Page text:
Facebook is heading to Swedish Lapland, lured not by Father Christmas, but because of the climate.
Temperatures in the city of Lulea, in the north-east of the country, make it the perfect location for the social media giant's first non-US data centre.
It means it can use outside air for cooling its servers for up to 10 months of the year.
The facility will process data from Europe, Africa, and the Middle East. It will cover 30,000 square metres.
That is the equivalent of around 11 football pitches.
The social network needs to ramp up its computing power as it continues to grow. It currently has more than 800 million users.
Up until 2009 Facebook leased space in data centres but then made the decision to design and build its own.
The new centre will be powered primarily by renewable energy and will require 70% less generator power.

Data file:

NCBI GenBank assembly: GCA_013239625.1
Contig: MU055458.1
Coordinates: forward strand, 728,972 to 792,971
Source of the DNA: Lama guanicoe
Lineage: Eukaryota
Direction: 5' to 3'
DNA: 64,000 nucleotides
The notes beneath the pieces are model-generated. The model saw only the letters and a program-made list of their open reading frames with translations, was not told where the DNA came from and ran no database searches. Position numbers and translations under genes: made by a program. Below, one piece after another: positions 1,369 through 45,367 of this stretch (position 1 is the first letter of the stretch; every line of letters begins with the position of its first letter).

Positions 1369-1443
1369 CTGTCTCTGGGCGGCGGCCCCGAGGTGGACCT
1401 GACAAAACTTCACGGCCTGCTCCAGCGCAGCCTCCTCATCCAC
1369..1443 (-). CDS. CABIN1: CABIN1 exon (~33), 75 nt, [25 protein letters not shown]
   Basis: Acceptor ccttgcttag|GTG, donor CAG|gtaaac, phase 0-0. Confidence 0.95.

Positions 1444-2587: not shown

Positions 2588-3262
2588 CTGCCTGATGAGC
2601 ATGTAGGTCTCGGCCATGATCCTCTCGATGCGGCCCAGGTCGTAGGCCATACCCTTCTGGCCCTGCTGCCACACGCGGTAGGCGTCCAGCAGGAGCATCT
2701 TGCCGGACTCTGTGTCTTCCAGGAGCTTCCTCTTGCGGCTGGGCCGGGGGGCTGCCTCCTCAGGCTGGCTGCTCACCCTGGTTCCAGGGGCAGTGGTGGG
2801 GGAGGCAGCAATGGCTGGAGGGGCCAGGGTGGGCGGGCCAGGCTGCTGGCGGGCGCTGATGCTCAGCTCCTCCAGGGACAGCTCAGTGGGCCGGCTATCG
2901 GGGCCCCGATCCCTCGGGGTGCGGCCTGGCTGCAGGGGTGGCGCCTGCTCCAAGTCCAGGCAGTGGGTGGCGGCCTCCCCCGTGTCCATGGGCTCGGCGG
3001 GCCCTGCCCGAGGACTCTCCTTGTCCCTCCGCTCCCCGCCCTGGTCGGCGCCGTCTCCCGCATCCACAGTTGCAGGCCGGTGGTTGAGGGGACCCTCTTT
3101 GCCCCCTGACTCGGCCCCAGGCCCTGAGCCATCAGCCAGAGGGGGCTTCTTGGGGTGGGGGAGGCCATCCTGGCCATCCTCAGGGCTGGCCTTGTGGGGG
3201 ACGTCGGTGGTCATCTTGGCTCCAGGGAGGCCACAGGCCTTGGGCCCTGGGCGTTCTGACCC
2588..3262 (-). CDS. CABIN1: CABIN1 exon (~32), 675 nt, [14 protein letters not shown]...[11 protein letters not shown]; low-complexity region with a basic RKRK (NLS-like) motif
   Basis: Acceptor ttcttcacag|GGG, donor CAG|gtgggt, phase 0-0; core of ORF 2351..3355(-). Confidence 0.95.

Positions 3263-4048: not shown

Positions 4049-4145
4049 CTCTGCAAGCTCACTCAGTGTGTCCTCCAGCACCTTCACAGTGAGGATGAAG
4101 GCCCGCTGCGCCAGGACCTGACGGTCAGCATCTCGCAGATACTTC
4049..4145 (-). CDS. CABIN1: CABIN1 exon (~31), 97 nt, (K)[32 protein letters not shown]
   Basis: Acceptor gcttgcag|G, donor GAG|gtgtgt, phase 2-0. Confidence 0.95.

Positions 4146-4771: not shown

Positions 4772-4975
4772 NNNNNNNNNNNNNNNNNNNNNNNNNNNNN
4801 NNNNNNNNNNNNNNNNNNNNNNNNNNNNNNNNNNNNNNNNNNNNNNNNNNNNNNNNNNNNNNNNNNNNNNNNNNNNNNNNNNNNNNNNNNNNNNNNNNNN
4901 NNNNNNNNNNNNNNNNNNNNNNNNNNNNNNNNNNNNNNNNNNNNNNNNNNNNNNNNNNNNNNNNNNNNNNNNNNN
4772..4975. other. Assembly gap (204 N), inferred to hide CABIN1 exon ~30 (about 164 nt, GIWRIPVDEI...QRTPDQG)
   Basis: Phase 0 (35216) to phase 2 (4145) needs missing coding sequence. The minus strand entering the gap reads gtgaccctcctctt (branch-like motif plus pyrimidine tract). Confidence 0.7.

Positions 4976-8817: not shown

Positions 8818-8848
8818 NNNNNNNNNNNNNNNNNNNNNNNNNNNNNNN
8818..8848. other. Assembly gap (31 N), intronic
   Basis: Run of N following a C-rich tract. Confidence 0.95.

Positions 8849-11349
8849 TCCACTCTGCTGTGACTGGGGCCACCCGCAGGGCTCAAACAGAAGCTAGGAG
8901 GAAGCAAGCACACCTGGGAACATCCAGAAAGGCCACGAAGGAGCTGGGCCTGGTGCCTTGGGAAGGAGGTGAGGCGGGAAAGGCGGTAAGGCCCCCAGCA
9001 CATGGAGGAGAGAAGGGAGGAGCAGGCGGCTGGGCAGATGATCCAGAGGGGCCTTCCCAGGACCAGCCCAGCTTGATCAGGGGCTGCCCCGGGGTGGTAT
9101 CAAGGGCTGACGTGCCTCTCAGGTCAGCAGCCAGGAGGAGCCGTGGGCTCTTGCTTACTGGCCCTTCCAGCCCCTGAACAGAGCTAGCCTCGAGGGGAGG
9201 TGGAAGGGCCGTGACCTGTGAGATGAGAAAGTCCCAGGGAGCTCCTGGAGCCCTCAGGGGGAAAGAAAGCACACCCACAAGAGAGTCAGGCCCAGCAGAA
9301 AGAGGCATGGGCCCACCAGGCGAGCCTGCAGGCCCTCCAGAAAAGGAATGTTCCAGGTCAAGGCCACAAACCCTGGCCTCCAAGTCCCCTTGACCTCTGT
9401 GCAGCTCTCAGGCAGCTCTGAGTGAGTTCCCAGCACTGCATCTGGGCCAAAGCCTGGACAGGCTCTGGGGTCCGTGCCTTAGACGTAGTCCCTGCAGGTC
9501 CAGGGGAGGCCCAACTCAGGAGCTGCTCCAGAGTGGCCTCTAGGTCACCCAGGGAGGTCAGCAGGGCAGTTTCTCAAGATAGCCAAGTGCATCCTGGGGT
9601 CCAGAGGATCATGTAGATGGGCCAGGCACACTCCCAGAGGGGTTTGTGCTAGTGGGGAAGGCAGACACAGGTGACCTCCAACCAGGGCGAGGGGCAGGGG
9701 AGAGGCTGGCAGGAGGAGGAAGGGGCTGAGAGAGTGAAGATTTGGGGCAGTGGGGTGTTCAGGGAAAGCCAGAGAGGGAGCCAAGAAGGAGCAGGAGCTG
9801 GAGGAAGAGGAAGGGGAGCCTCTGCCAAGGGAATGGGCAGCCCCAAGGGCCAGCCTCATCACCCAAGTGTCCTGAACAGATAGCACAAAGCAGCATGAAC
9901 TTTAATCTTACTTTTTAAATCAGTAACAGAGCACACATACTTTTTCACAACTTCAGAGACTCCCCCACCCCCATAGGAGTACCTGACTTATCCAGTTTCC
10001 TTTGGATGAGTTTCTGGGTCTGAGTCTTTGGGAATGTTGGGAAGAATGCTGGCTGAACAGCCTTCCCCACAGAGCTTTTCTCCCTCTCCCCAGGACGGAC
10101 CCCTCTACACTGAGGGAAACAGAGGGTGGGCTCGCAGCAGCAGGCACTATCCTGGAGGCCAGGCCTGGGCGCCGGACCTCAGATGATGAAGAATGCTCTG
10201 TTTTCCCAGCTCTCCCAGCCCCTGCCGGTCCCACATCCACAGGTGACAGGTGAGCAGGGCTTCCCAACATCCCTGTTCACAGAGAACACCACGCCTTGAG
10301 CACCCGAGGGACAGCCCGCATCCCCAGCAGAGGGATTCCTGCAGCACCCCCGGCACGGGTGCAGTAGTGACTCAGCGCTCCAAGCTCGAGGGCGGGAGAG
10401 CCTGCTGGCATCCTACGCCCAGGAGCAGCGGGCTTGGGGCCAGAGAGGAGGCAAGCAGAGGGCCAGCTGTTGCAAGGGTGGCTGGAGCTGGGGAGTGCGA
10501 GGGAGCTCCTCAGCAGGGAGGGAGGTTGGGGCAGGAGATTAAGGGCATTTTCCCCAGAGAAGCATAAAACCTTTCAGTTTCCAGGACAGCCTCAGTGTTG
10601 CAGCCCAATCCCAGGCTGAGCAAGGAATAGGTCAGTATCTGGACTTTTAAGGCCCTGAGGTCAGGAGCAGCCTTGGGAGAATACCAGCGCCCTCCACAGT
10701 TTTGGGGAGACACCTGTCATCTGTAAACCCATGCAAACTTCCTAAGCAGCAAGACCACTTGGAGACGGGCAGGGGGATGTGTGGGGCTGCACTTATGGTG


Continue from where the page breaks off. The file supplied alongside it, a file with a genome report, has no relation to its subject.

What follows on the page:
It will also benefit from Lulea's electricity prices which are some of the cheapest in Europe.
Gaining a global brand like Facebook will be a big coup for the city and it hopes others will follow.
More companies are placing their data centres in Northern Europe because the climate works well for the cooling systems necessitated by racks of huge servers.
Facebook prides itself on the fact that its engineers have built its infrastructure from scratch - including the design of the servers themselves.
"Assembling the servers is like building a Lego model, the parts snap together. The servers slot in and out of their racks by flipping a couple of catches," the firm explained.
The design of the fans mean they consume far less energy than a traditional server, it added.